Back in February, I took a weekend for myself and spent time journeying with fellow practitioners. It was a beautiful opportunity to gather with like-minded people to feel connected and support one another’s life paths.
I stepped outside my comfort zone and went alone which meant I got to spend time making new friends.
The messages I continually received while journeying were to share, to let my light shine, and to be open to what may come. On the last day, a small group of us went to lunch together and were sharing little things here and there about our impressions, our lives, and where our paths were going. At one point, one woman interrupted me to say, “Don’t you just love to hate her?”
Initially, I was surprised at such a statement. She was smiling, I didn’t believe she meant it in a hurtful way, and yet, how does one react to such a comment. In that moment I took a moment to truly SEE her and understand what she meant, instead of what came from her voice. My insight was one of compassion and sadness. I finally looked her in the eye and said, “There is always a little truth in every bit of sarcasm” and continued to finish my previous thought.
Later she came to me to apologize. Her truth was one of wishing for a life other than the one she had. Fear of moving forward in her business while I was choosing to boldly GO. Instead of facing her personal disappointment and fear, she chose to project and try to pull someone else down so she could feel more equal.
My boys used to do the same thing. They’d insult each other in an attempt to prove who was the “Bigger Man.” Whenever I heard them I’d respond with, “Give me 20 pushups” and they would immediately say, “I was just kidding, Mom!!” To which I would reply, “Truth in sarcasm, my son. Give me 20.”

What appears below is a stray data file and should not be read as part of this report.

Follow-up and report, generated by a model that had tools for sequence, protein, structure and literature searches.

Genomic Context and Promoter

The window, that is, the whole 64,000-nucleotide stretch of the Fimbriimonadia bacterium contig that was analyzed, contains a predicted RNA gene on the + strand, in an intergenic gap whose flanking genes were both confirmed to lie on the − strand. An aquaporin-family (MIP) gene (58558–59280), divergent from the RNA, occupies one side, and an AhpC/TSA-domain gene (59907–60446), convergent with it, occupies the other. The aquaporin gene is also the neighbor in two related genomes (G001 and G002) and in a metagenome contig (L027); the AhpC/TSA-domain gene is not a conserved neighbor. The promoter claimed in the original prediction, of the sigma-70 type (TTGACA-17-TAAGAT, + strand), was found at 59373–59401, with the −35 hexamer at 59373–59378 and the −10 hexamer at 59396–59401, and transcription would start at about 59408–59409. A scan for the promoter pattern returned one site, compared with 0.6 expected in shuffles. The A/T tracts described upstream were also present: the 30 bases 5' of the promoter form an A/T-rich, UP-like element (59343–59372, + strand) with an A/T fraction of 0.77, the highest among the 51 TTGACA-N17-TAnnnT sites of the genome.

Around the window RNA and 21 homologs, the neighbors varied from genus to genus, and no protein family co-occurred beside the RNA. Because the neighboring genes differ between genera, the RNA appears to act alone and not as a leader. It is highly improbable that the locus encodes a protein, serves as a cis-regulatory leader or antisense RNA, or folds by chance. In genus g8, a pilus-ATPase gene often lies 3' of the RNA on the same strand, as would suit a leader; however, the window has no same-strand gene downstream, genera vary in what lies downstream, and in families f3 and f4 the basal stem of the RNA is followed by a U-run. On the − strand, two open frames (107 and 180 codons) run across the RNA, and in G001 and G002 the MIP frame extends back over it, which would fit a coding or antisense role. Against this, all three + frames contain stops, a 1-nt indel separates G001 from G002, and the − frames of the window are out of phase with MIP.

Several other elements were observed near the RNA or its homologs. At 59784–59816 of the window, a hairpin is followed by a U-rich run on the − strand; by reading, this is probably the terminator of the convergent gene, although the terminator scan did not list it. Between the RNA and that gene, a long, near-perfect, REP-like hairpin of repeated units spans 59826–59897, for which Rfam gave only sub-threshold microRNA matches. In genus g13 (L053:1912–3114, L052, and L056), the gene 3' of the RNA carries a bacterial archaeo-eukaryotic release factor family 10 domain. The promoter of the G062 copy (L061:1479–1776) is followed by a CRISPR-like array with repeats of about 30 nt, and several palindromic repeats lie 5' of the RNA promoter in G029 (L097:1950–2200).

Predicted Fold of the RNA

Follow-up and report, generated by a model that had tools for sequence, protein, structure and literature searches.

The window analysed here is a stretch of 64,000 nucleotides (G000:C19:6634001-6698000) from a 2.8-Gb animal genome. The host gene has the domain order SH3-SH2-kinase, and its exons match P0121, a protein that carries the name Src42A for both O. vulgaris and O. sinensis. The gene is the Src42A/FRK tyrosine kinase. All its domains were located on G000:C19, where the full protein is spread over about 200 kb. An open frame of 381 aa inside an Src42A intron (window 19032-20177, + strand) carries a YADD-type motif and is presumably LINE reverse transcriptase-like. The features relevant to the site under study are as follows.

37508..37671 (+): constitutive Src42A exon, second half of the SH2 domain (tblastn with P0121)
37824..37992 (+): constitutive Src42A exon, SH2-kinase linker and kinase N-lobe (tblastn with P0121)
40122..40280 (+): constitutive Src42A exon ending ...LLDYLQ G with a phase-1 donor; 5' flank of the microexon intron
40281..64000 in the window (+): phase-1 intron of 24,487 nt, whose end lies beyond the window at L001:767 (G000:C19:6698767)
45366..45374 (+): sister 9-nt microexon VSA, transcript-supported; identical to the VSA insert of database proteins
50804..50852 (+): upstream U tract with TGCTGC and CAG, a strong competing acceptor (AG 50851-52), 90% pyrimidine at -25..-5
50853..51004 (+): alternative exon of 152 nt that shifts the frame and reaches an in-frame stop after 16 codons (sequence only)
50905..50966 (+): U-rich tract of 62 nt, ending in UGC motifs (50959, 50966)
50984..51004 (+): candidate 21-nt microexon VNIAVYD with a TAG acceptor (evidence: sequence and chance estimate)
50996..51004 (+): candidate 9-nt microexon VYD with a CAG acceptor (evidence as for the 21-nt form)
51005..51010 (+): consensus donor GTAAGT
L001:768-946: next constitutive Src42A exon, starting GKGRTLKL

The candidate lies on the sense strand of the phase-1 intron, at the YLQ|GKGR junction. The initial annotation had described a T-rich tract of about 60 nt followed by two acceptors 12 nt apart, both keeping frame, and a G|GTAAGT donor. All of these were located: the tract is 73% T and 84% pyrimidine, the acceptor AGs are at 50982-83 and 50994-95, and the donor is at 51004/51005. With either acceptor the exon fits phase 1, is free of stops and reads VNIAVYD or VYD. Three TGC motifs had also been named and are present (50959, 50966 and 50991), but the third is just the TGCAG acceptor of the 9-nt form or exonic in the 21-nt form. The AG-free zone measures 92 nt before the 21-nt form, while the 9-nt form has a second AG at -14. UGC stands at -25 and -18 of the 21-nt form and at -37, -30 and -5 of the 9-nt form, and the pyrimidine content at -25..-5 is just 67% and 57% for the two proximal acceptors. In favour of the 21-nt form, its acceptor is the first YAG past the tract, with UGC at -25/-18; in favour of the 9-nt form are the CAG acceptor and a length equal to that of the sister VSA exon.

Sarcasm is all around. It’s a part of everyday conversation. When I’m involved in dialogue and hear it I often express my sentiment of “truth in sarcasm.” Whether the taunt was aimed at me or another being, this statement gives all involved a moment for pause. On occasion, the person expressing themselves will stop and correct the statement, other times the group may laugh it off. In any case, it’s a moment to be present and get clear with intentions. (Myself included.)
Part of living our most authentic lives is taking ownership. When we slight someone with words we skirt our true emotions. While we may feel a little better for throwing the jab we are not fully expressed which means we are still not whole. Stating our genuine thought and personal sentiment allows for a deeper connection and healing of those dark corners of our minds and hearts.
The next time you send sarcasm out I encourage you to take a moment and ask:
What am I sincerely feeling?
Are my words appropriate?
How could this situation benefit from a true expression of my heart?
Being present and changing the way we connect with each other is a gift.
I pray your awareness of “truth in sarcasm” brings about more clarity and love for yourself and for those around you.